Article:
At a ceremony today, CERN inaugurated its linear accelerator, Linac 4, the newest accelerator acquisition since the Large Hadron Collider (LHC). Linac 4 is due to feed the CERN accelerator complex with particle beams of higher energy, which will allow the LHC to reach higher luminosity by 2021. After an extensive testing period, Linac 4 will be connected to CERN’s accelerator complex during the upcoming long technical shut down in 2019-20. Linac 4 will replace Linac 2, which has been in service since 1978. It will become the first step in CERN’s accelerator chain, delivering proton beams to a wide range of experiments.
In this section you will find CERN's latest updates and press releases.
The European Organization for Nuclear Research (CERN) and the American Physical Society (APS) signed an agreement today for SCOAP3– the Sponsoring Consortium for Open Access Publishing in Particle Physics. Under this agreement, high-energy physics articles published in three leading journals of the APS will be open access as from January 2018.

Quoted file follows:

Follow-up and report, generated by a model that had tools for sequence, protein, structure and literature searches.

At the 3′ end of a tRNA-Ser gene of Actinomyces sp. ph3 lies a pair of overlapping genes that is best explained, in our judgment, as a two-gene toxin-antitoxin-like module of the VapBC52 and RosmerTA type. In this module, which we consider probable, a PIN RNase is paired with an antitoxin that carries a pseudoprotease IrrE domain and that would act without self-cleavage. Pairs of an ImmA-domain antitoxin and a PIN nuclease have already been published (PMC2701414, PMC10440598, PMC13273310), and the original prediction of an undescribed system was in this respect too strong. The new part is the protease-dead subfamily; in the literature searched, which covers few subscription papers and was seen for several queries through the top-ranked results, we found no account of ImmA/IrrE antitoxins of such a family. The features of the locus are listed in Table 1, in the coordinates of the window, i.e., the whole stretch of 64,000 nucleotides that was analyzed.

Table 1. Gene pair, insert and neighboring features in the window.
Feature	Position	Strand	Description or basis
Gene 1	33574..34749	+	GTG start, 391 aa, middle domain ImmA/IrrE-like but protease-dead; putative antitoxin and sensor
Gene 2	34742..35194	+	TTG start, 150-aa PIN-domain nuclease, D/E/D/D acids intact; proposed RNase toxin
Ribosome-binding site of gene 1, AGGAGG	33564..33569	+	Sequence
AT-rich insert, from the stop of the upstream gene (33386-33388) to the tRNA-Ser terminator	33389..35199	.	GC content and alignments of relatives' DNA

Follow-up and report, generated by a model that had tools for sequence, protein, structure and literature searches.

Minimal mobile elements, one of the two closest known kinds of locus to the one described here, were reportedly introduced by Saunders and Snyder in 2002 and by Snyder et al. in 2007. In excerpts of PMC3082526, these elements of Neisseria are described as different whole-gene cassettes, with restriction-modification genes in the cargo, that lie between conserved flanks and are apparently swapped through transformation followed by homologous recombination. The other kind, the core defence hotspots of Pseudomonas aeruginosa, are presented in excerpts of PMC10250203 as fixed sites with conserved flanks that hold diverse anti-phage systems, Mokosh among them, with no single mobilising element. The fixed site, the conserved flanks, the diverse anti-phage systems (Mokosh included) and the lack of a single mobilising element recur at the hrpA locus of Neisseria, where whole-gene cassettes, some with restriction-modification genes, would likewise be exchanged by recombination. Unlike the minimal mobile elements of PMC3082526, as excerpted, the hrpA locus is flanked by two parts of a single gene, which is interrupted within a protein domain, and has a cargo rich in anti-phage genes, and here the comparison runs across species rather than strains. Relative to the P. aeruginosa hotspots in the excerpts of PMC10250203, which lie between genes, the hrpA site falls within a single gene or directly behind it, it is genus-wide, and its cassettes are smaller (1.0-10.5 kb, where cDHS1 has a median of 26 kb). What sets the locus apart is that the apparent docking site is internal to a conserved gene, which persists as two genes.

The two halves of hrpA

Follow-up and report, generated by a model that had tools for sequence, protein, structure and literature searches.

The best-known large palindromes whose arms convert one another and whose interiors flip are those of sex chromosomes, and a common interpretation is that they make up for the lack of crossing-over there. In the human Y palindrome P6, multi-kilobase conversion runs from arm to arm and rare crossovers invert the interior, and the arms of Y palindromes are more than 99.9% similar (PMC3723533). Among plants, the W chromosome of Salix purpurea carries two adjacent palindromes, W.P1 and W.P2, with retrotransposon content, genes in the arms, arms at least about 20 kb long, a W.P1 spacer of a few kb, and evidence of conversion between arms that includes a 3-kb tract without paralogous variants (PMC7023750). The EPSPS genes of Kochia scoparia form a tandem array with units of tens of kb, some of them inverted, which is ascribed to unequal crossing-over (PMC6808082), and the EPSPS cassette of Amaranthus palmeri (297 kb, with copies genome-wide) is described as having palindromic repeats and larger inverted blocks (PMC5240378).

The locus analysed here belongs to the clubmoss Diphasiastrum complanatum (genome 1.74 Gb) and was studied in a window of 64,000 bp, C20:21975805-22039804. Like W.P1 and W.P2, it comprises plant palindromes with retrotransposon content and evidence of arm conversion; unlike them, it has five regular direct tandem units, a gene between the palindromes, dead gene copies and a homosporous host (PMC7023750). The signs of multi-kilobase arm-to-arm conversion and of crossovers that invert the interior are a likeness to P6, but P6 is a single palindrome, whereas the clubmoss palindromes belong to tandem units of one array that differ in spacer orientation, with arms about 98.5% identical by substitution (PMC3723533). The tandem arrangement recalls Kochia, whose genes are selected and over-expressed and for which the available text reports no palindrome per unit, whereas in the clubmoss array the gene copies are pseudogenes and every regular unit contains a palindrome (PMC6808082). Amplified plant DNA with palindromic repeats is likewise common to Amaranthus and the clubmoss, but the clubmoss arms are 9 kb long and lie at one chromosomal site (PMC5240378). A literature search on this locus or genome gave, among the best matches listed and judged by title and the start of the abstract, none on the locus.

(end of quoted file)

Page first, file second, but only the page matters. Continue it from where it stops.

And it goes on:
In a paper published today in Nature Physics, the ALICE collaboration reports that proton collisions sometimes present similar patterns to those observed in the collisions of heavy nuclei. This behaviour was spotted through observation of so-called strange hadrons in certain proton collisions in which a large number of particles are created.
The LHCb experiment finds intriguing anomalies in the way some particles decay. If confirmed, these would be a sign of new physics phenomena not predicted by the Standard Model of particle physics. The observed signal is still of limited statistical significance, but strengthens similar indications from earlier studies.
Geneva, 6 April 2017. Arts at CERN is delighted to announce the winners of the four artist residency awards for 2017: the studio hrm199 led by artist Haroon Mirza, Laura Couto Rosado, Cheolwon Chang and Tomo Savić-Gecan.
Arts at CERN is CERN’s arts and science programme, fostering dialogue between prominent scientists and visionary artists at the world’s leading centre for particle physics.